What harm can I inflict to you, via targeted ads? Some. You can think of some creative ways to do so, but it's not a very effective way to inflict harm.
What harm can I inflict to you, via buying your location data? A hell of a lot.
If you don't trust Google to be a good steward of your data, that's one thing. But let's not conflate selling your data, with selling the ability to mass-advertise to a demographic that includes you.
> What harm can I inflict to you, via targeted ads? Some. You can think of some creative ways to do so, but it's not a very effective way to inflict harm.
Do you see how people have weaponized social media through data? Google ads might not have been used in a nefarious way just yet but that's likely because it hasn't been thought of.
With ratings, on a scale of one to ten, how would you compare the individual harm of someone showing you a demographic-targeted ad, to someone having the real-time location data sufficient to start physically stalking you?
What about someone showing you an untargeted ad? Where would that fit in?
 Or, if you prefer, a remarketing ad, instead. I have very little patience for those.
The harm to me isn't the harm of someone showing me a demographic-targeted ad, the harm is someone showing everyone demographic-targeted ads designed to manipulate public opinion.
Remember how everyone got very hot and bothered about precisely this thing happening in a recent U.S. election?
Why are cookie-based demographic-targeting ads that manipulate public opinion bad, while demographic-targeting ads on television, in magazines, etc, are fine? Is it because more targeted ad spend is more efficient?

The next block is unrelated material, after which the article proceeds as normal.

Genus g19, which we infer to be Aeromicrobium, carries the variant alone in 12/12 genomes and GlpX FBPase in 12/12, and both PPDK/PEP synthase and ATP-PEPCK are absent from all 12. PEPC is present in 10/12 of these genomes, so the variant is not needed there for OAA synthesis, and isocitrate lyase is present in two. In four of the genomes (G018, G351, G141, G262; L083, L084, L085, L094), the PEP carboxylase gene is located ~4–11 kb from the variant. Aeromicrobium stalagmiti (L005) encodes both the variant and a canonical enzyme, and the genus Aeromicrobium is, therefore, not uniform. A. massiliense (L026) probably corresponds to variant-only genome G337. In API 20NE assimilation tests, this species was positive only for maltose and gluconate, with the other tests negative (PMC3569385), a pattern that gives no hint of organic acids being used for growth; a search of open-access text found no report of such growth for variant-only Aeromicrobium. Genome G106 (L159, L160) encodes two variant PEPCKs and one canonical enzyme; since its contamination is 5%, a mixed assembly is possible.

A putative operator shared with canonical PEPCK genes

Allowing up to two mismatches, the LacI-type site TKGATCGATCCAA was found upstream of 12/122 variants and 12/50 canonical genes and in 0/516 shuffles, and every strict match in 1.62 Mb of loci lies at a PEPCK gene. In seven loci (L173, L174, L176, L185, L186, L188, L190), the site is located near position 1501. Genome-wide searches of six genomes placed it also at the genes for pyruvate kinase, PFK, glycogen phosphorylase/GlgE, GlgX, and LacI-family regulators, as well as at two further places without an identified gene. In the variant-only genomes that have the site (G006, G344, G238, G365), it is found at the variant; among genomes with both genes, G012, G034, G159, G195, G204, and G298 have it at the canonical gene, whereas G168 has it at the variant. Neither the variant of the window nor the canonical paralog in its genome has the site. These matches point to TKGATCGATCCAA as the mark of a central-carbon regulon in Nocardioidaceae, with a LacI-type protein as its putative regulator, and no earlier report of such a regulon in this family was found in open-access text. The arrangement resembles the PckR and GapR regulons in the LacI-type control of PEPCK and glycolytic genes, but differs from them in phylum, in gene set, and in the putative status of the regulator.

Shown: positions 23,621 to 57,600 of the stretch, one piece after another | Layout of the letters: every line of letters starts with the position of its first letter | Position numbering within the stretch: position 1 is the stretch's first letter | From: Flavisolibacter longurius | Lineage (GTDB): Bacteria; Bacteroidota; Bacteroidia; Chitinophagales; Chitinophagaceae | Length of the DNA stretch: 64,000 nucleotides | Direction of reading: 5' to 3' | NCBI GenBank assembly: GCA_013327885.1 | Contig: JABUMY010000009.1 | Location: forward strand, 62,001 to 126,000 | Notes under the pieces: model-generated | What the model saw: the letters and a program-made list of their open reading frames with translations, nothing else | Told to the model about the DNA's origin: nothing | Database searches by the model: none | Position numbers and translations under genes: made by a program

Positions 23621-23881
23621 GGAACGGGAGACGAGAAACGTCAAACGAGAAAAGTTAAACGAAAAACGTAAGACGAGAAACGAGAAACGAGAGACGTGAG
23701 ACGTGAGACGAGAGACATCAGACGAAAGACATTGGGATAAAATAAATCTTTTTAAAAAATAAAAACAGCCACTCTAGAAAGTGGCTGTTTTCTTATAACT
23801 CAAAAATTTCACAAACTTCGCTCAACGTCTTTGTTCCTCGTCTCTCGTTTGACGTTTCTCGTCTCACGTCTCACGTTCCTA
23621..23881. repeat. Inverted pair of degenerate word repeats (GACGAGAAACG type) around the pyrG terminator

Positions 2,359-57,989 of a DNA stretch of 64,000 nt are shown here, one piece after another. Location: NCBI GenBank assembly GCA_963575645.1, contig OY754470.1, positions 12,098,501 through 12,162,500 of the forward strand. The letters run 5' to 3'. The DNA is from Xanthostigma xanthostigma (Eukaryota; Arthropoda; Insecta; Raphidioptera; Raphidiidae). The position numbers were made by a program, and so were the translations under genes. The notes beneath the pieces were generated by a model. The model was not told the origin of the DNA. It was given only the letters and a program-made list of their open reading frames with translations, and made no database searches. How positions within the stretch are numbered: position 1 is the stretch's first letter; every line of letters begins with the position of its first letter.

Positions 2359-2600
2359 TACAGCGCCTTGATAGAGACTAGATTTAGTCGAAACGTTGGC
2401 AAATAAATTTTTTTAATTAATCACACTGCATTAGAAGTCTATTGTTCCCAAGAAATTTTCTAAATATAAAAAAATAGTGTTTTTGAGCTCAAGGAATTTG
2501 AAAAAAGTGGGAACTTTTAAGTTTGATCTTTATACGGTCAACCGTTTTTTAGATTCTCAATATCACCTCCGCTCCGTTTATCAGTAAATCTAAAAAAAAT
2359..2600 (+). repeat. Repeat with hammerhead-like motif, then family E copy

If your problem is that advertising is used to manipulate public opinion - consider - why do we even allow political campaigns and paid speech? Its only purpose is to manipulate public opinion, and to trick stupid voters into voting for bad people.
I'm afraid your position is not entirely ideologically consistent with how we determine what kind of political speech is allowed, and is not allowed.
Unless you are on the run the location data is not really that valuable. I could physically stalk you after all without buying the data from telecom companies. With Facebook the advertising can be quite precise. I remeber I read somewhere that you could actually target specific persons.
> selling the ability to mass-advertise to a demographic that includes you.
A while ago there were some fun articles about "how to prank your roommate by creating an audience of 1 and running creepily personalised adverts". What's the smallest demographic you can define on google?
I don't know - which is why I leave the caveat that some creative forms of harm with targeted advertising may be possible.
I don't think that's the case at all.
As far as I know, advertisers never receive personal information from Google. Google hordes the personal information and shows advertisements (provided by the advertisers) to their users, using their personal information.
It would be rather contrary to their interests if they were to send their user's data to other parties. They'd lose their commercial leverage and their ad network would become less valuable.
Yeah, I was going to say... Of course Google made this demand. It's a no-brainer. Not only does it help ensure their competitors aren't profiting from the same data that Google does, but also its a beautiful PR stunt.
Not to say that they shouldn't be making this demand, but we should all keep in mind that they're not doing this out of the kindness of their hearts or because it's the ethical thing to do.
I much much much rather have the companies with a public image to uphold be the keepers of this data. There are soooo many scuzzy people out there. Beyond that, the US is highly due for both public records laws that make sense in the internet age, as well as digital data as a product, needs to have similar laws put in place.